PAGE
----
Veteran defenseman Jay Harrison has helped head up the Canes' informal workouts at Raleigh Center Ice. Here's a Q&A with Harrison about what's been achieved in "Camp Harry" the past few weeks at RCI leading up to the start of the team's training camp.
Q: What's the mindset and objective of informal workouts?
A: "This time of year everybody is getting revved up and excited and anxious to do as much as they can to prepare and be ready. But at the same time experience has told me there's hard work and smart work. To do hard work smartly is the best combination of all. It's a matter of getting the most out of the time you're out there, understanding that the time leading into camp is really short compared to what you've put in during the summer and you don't want to sacrifice all the gains you've made by overtraining.
"The adrenaline to get going is there. You can see it. It's a matter of really mapping out things of where you want to be and peaking at the right time. That requires some planning and discipline."
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Q: How do the practice plans come together?
A: "I have an idea of the things for me, personally, that I want to achieve. The summer is mapped out and these three weeks, as well, in preparation. For the group, it kind of mirrors that. Some of the guys have individual programs and we try to maximize a couple of days a week to focus on things that are high-tempo, game-like, NHL-practice-like to prepare the body, mind and the lungs. We also instill some fun while working on some skill stuff, some fun games while working on some things that can help you and make you more comfortable in the high intensity that comes in training camp."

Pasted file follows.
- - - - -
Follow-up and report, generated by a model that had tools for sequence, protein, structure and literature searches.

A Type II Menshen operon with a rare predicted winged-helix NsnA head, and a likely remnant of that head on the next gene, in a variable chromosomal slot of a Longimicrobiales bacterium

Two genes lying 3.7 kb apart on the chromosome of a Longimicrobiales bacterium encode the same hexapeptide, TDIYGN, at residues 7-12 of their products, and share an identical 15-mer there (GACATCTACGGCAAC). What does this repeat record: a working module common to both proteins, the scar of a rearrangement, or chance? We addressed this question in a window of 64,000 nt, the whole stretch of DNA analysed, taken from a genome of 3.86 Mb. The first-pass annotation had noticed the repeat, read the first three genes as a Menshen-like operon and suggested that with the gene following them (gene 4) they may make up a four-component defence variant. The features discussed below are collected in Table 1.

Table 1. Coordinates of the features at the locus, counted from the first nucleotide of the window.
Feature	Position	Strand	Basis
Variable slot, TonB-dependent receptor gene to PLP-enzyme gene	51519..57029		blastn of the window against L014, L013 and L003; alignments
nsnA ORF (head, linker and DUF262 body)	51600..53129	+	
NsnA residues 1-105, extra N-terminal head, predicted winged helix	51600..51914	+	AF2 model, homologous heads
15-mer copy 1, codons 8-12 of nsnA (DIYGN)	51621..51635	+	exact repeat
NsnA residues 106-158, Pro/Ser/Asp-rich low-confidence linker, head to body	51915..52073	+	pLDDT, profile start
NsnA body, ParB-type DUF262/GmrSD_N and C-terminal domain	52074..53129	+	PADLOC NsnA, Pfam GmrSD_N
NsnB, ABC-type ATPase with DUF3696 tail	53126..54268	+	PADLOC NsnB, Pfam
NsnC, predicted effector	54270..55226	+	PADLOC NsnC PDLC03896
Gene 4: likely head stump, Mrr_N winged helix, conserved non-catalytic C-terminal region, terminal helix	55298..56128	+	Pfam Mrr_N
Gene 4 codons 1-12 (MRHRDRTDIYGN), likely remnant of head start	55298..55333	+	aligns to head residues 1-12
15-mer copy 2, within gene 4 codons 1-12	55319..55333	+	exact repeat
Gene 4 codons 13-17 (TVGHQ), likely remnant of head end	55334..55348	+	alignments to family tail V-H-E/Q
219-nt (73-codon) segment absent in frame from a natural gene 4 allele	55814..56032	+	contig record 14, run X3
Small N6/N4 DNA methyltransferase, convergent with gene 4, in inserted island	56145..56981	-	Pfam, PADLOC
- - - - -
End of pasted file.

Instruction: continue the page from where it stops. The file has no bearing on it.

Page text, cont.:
Q: How do you decide how long to be on the ice?
A: "Because most guys are training before we skate and then stretch after we skate, you're looking at a solid 2 1-2 hours or three hours without any nutrition. That's quite a long time to be depleting the body. Again, it's a matter of maximizing your time without too much fatigue, both mentally and physically. So we get out there, do our work and get prepared, not unlike what we do in the season. That's pretty standard across the sport -- to get that high intensity, that focus and tempo for as long as you can. But when it drops off, to know it's dropping and it's time to rest for the next day."
Q: Who decides who runs the workouts?
A: "Some guys naturally take to it. Some guys naturally have an ability to put a practice together, or communicate with the guys and get a practice together. Somebody has to take control and say this is what we're going to do and how were going to do it.
"Input is always welcome. Guys are coming in from different kinds of training. But as long as you're going 100 percent out there, you're working and the effort is there, you're going to get where you need to be. That's my mentality, anyway. It's what you put into it. Everyone has come in with a solid foundation and eagerness to get going."
Q: Other than fitness and preparation, what else motivates the players in informals?
A: "We're challenged as a group. We have something to prove. There's not a day where I put on my skates or my running shows that I don't think about that challenge. I bring it to everything I do. We're really anxious and looking forward to the challenge. It's encouraging, what we've seen here."